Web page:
Category Archives: inmate issues

Ban the box, save the ex-felon

I'm 1002 and you?

A question no more

I have long complained about the failure of governments to engage in any sort of meaningful re-entry for inmates. For a vast majority of released felons, prison is a revolving door. Without any training, education or skills, job prospects are dismal. With no job, there is no money and where there is no money, there is the lure of crime to make some quickly.

Which is why I was pleasantly surprised this morning, while listening to Where We Live on NPR. The guest was John DeStefano, mayor of New Haven, and he was discussing the policy he seeks to implement in the city: ban the box. No, this is not some traffic related policy, as I first thought, but a clever scheme aimed at integrating ex-felons back into the community.

Ban the box refers to banning employment applications from listing a “box” that asks applicants whether they are ex-felons. This allows ex-felons to be on the same footing as any other applicant, by preventing would-be employers from discarding them at the get-go.  I’m embarrassed that this story has escaped my attention for three months now, but the wonderful New Haven Independent is all over it:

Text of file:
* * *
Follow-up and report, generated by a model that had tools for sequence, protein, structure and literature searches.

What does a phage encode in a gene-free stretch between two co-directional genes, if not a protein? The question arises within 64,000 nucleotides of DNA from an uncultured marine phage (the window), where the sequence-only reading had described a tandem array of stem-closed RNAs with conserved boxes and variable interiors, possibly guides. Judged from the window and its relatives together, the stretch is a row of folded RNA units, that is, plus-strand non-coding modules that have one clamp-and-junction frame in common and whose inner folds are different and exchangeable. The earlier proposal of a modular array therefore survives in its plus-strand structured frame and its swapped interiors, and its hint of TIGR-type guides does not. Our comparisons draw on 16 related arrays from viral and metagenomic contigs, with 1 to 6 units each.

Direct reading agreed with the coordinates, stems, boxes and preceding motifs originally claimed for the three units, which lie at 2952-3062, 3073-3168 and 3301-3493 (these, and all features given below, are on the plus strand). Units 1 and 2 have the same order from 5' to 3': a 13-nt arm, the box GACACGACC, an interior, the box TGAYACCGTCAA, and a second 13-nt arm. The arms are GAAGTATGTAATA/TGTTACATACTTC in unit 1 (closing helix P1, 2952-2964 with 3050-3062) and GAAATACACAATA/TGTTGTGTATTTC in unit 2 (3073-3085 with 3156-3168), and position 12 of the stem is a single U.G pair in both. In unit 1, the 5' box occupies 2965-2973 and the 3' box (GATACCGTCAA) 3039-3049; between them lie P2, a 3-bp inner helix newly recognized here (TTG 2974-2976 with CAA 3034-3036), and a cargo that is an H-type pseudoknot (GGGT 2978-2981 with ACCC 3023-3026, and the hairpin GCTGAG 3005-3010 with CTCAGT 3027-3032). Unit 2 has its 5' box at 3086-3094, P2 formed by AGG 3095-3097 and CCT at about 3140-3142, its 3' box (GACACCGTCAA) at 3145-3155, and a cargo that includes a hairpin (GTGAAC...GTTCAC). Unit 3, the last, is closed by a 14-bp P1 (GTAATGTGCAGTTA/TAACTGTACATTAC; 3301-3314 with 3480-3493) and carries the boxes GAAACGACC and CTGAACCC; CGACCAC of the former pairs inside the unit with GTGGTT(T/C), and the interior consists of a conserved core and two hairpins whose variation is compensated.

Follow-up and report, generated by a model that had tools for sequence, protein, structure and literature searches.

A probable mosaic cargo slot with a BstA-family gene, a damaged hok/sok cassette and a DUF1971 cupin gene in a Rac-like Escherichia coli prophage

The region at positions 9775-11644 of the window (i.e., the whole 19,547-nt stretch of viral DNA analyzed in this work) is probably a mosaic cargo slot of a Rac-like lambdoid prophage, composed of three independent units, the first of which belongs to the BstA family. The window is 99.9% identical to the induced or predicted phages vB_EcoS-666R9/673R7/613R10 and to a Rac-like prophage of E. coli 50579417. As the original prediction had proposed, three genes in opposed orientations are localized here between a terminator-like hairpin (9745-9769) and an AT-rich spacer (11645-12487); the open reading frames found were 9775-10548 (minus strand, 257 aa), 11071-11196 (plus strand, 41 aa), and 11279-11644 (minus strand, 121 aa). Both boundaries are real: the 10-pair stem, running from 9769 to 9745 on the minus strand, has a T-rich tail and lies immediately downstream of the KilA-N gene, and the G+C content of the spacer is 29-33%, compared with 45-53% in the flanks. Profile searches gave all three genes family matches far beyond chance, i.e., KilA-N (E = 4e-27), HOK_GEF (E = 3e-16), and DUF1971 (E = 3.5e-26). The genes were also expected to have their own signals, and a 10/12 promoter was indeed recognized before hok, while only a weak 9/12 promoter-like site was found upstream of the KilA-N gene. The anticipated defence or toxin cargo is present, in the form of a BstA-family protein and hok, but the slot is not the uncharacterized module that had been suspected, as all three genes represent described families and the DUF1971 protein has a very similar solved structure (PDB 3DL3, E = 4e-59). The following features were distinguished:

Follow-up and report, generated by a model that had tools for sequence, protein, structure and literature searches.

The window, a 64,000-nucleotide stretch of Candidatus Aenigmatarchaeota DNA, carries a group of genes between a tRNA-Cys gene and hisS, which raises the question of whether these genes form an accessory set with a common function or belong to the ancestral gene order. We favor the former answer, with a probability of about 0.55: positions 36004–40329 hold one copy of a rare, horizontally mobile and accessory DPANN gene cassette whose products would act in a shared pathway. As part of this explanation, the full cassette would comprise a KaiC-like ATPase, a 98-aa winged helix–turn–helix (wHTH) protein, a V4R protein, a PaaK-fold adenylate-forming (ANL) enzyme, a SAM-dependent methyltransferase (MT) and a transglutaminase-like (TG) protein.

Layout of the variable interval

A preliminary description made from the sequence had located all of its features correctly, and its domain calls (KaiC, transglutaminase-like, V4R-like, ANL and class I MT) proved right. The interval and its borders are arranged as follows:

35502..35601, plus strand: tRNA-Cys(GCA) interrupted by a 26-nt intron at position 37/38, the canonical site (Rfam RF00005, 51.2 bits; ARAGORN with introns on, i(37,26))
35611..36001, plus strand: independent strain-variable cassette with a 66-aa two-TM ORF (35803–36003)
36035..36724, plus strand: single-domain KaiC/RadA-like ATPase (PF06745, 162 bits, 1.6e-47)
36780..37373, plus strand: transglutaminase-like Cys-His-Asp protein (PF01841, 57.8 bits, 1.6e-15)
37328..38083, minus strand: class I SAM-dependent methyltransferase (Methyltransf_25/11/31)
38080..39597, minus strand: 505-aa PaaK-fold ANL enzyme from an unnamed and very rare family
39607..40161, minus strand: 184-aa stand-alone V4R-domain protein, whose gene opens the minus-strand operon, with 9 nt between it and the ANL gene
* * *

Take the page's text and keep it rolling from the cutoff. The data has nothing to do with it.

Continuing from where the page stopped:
Bailout where it’s needed: public defender systems

The last few months have brought us a crashing economy and massive government bailouts to the tune of 34 trazillion dollars (it’s a real amount). As banks fail and the auto industry fails and the real estate market plumbs the depths of depression, an equally frightening scenario is unfolding in states throughout the country: the crumbling of indigent defense systems.

Just like the economy, however, this failure of the legal system should come as no surprise. Back in May, I wrote about the mess in Minnesota (and followed up with a June post about Florida) [full coverage here] and our sister blog PD Stuff has been covering money problems for years. Nevada will face some problems starting next year. Things don’t look all rosy in Connecticut, either, as legal aid is taking a hit.

The NYT piece is rightly drawing a lot of attention in the blawgosphere. Bob Ambrogi and J. Craig Williams devoted their recent podcast to this problem by interviewing the Miami public defender Bennett Brummer and NLADA research director David Carroll. [The podcast is at the end of this post.]

This is a very serious problem. As funding for indigent defense declines with no corresponding declines in prosecutions, defendants will experience greater wait times for their trials, resources will be stretched thin and the criminal justice system will produce far more wrongful convictions. There will not be enough time to conduct proper investigations, to hire experts and, frankly, to go to trial.